Substance Over Style

“It’s not what you say, it’s how you say it.” How many times have you heard this?  It’s mostly true, backed by research that says audiences will judge you first on your tone and body language, and what you say second.

But it can be dangerous for speakers who possess a little too much confidence (yes, these people actually exist).  These speakers know they’re good performers, so they get lazy about about preparing a presentation that has much substance to it.  If you’re talking to an audience who knows your topic even just a little, they’ll quickly figure out that you may have plenty of style, but not much substance.

This quickly became apparent during Nelson Mandela’s funeral. The man hired to be the sign language interpreter looked good enough – to those who don’t know sign language.  But to viewers who are fluent in that language, they knew in seconds that this guy wasn’t the real deal.  Jimmy Kimmel hired a real interpreter to translate, with hilarious results.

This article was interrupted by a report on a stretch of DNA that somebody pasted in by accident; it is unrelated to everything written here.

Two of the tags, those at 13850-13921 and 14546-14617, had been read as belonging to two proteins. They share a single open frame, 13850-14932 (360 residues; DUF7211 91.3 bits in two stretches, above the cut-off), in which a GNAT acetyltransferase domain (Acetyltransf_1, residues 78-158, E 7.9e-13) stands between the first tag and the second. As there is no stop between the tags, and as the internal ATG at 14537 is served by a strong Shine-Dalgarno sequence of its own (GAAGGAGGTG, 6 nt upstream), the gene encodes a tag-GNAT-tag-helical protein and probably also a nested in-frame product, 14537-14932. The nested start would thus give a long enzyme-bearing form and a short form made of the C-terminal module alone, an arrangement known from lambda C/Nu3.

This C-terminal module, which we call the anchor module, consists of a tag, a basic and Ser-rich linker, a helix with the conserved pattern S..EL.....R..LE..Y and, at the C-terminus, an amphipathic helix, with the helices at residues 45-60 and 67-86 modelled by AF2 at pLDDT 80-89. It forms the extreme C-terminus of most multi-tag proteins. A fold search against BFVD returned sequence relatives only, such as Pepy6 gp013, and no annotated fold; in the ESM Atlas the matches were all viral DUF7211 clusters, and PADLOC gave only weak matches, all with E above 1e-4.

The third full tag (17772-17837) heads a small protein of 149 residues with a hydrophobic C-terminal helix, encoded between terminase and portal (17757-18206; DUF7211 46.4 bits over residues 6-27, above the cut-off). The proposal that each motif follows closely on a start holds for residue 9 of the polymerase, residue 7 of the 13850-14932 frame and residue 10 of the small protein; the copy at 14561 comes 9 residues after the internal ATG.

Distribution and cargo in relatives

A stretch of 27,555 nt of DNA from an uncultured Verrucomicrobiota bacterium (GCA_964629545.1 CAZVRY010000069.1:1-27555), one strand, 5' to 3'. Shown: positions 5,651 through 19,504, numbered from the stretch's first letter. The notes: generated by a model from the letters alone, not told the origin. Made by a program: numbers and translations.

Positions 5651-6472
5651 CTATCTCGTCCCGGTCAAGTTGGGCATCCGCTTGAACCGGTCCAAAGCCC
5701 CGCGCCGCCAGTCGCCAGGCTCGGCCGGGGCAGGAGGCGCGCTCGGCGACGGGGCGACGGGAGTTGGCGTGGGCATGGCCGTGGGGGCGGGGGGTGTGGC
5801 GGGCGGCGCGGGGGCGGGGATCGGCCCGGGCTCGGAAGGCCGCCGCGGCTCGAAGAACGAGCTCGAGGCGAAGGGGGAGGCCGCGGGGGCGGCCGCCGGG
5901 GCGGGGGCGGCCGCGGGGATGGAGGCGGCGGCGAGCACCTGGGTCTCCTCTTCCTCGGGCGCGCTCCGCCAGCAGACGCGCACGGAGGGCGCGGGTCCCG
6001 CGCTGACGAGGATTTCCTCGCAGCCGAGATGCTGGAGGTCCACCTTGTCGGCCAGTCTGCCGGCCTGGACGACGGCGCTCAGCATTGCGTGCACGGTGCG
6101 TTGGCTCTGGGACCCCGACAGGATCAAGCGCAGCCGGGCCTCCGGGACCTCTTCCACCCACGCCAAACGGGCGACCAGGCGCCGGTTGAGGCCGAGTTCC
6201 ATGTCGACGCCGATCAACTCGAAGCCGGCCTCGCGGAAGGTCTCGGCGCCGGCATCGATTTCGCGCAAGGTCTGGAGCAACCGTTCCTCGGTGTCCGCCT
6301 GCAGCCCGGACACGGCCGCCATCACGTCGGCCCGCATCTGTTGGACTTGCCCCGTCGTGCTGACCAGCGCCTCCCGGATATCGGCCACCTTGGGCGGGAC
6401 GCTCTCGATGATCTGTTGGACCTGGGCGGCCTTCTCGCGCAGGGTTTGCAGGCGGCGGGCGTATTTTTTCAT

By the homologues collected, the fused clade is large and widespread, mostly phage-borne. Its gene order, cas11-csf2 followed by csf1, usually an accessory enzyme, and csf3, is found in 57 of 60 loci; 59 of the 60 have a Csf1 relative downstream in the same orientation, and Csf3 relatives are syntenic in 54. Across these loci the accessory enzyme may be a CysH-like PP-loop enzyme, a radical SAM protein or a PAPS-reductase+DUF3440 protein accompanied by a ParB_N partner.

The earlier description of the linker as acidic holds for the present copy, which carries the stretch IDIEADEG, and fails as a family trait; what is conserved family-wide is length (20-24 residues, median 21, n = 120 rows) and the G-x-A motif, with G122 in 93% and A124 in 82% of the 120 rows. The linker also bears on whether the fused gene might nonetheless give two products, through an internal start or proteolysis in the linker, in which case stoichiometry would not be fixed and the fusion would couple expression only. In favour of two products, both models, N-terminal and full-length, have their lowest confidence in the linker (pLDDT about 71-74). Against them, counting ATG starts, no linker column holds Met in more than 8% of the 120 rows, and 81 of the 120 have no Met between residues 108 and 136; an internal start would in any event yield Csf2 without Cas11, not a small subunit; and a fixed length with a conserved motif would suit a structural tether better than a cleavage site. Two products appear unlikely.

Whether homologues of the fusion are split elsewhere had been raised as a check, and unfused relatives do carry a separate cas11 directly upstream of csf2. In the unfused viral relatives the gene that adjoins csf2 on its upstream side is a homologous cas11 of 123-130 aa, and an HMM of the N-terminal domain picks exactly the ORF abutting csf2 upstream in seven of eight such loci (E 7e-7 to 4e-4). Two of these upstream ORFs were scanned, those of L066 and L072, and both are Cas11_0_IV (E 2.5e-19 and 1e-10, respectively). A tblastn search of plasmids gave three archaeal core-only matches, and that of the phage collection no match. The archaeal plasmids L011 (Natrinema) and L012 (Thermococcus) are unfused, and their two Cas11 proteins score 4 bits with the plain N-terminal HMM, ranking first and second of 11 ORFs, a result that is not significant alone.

I recently watched a speaker who had all the right body language, gestures, pacing and tone; he made a great first impression.  For about a minute.  Being comfortable with his style, I settled in to listen.  It quickly became apparent that his material was ancient, with no connection to his young audience.  After I realized this, his style became downright annoying:  how could he be so confident with this awful material?

When preparing your talk, put the substance over the style.